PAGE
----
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The best AI tools for teachers

No, machines aren't quite ready to deliver the lessons themselves yet.

Published onFebruary 29, 2024

AI Programming Machine Learning

While we tend to think of generative AI as being for personal creativity or big business, there’s plenty of middleground between those points — including, of course, more generous pursuits like teaching. These are some of the best AI tools for teachers, whether you’re prepping lessons or correcting homework.

The best AI tools for teachers

You could in theory apply AI to many aspects of teaching, but it’s best suited to the ones we mentioned above. We should note that by “correcting homework,” we mostly mean fixing spelling and grammar, catching plagiarism, and detecting AI-generated content. You can sometimes use AI tools for fact-checking, but you probably already have the answers handy.

Canva Magic Write

Canva Magic Write

Canva’s Magic Write tool makes it easier to draft text in the context teachers need it, such as lesson plans, handouts, and visual presentations. The tool handles not just writing but tasks like brainstorming, outlines, paraphrasing, and rewriting.

You’ll probably need to finesse the end result to get something you’re happy with, but that’s to be expected. The most important thing is that Canva is free to use on a basic level, and includes other AI assist options such as Magic Edit and Magic Design. Just be aware that on a standard free plan, you’re limited to 50 uses of Magic Write. Past that you’ll have to upgrade to Canva Pro, which costs $119.99 per year or $14.99 per month, or qualify for a free K-12 Teacher account.


Siri versus ChatGPT
Robert Triggs / Android Authority

ChatGPT might be an obvious choice for a list like this, but it’s the tool that kickstarted the hype for generative AI, and with good reason. It can answer questions, summarize reading, and help draft and proofread writing projects. As with Magic Write you may need to learn a few tricks and refine your prompts to get the results you’re after, but for a lot of teachers, ChatGPT may be the only AI tool they need to bother with.

One underrated aspect is its usefulness in research and brainstorming, since it can quickly produce lists and outlines. With research, be sure to note sources and doublecheck them — there’s no way to force GPT to pull from the most reliable textbooks and research papers. You’ll be in deep trouble if you end up using hallucinated data (a real industry term).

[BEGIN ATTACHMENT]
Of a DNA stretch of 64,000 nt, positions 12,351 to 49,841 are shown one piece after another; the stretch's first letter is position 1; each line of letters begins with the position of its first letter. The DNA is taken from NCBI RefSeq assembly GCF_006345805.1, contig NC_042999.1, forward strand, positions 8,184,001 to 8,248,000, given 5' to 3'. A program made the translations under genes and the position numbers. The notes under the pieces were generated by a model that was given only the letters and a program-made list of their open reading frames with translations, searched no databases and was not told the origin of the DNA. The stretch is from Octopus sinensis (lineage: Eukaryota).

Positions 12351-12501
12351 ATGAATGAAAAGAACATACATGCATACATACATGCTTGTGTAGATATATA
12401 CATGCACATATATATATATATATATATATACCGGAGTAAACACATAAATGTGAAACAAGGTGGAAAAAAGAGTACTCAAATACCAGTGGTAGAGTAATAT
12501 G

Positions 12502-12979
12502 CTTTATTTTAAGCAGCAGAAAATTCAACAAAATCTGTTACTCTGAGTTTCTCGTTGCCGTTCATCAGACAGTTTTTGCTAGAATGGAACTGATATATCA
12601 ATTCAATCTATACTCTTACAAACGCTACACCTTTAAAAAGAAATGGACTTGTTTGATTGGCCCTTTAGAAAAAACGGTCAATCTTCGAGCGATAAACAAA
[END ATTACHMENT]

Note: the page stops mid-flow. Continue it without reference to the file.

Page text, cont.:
ChatGPT is generally free to use, although you may have to wait in line depending on demand. To get around that you can subscribe to ChatGPT Plus for $20 per month, with further benefits such as plug-ins, faster response times, and access to the AI’s latest language model.



If you’re at the college/university level you may already be familiar with Copyleaks, which is regularly used to flag suspected plagiarism as well as AI-generated content from sources like GPT-4 and Google Gemini. It can even spot plagiarized code, so if you’re teaching Computer Science, it’s a way of both catching cheaters and teaching students about open-source attribution.

We should note that while there’s an AI grading feature, it’s really geared towards grading standardized tests en masse rather than the content you whip up for your own class.

You can test Copyleaks for free. Beyond that you’ll have to sign up for a subscription that starts at $167.88 per year or $16.99 per month if you want both AI and plagiarism detection. 



Curipod is a straightforward tool for producing interactive lessons, complete with slides and graphics, and activities such as polls, word clouds, and drawing prompts. As that suggests it’s mostly intended for K-12 classrooms, but you could probably make it work at the college level for some lessons.

What’s nice here is that the tool is entirely web-based, and even free to use for the most part, the main catch being a 1,000-character limit on student responses for AI feedback. You need to upgrade to a Premium, School Site, or District plan to gain things like a 2,300-character limit and the ability to save lessons as PDFs. Premium is $90 per year or $9 per month.



If Curipod is too basic for your lesson needs, Eduaide.Ai takes things to the next level. The tool can generate more than 100 resource types, from simple grammar and spelling prompts to role-playing skits, resumes, and mock budgets and business models.

In fact Eduaide.Ai goes well beyond lessons, offering help with things like administrative tasks and student assessment. You can also use it for brainstorming or knowledge questions if you want, though at that point you might as well be using something like Google Gemini or ChatGPT.

When you try the tool for free, you’ll get 15 AI prompts per month with few options and limited feedback. Unlocking all the features we’ve talked about so far requires upgrading to a Pro or school-wide plan. Pro subscriptions are $49.99 per year, or $5.99 per month.

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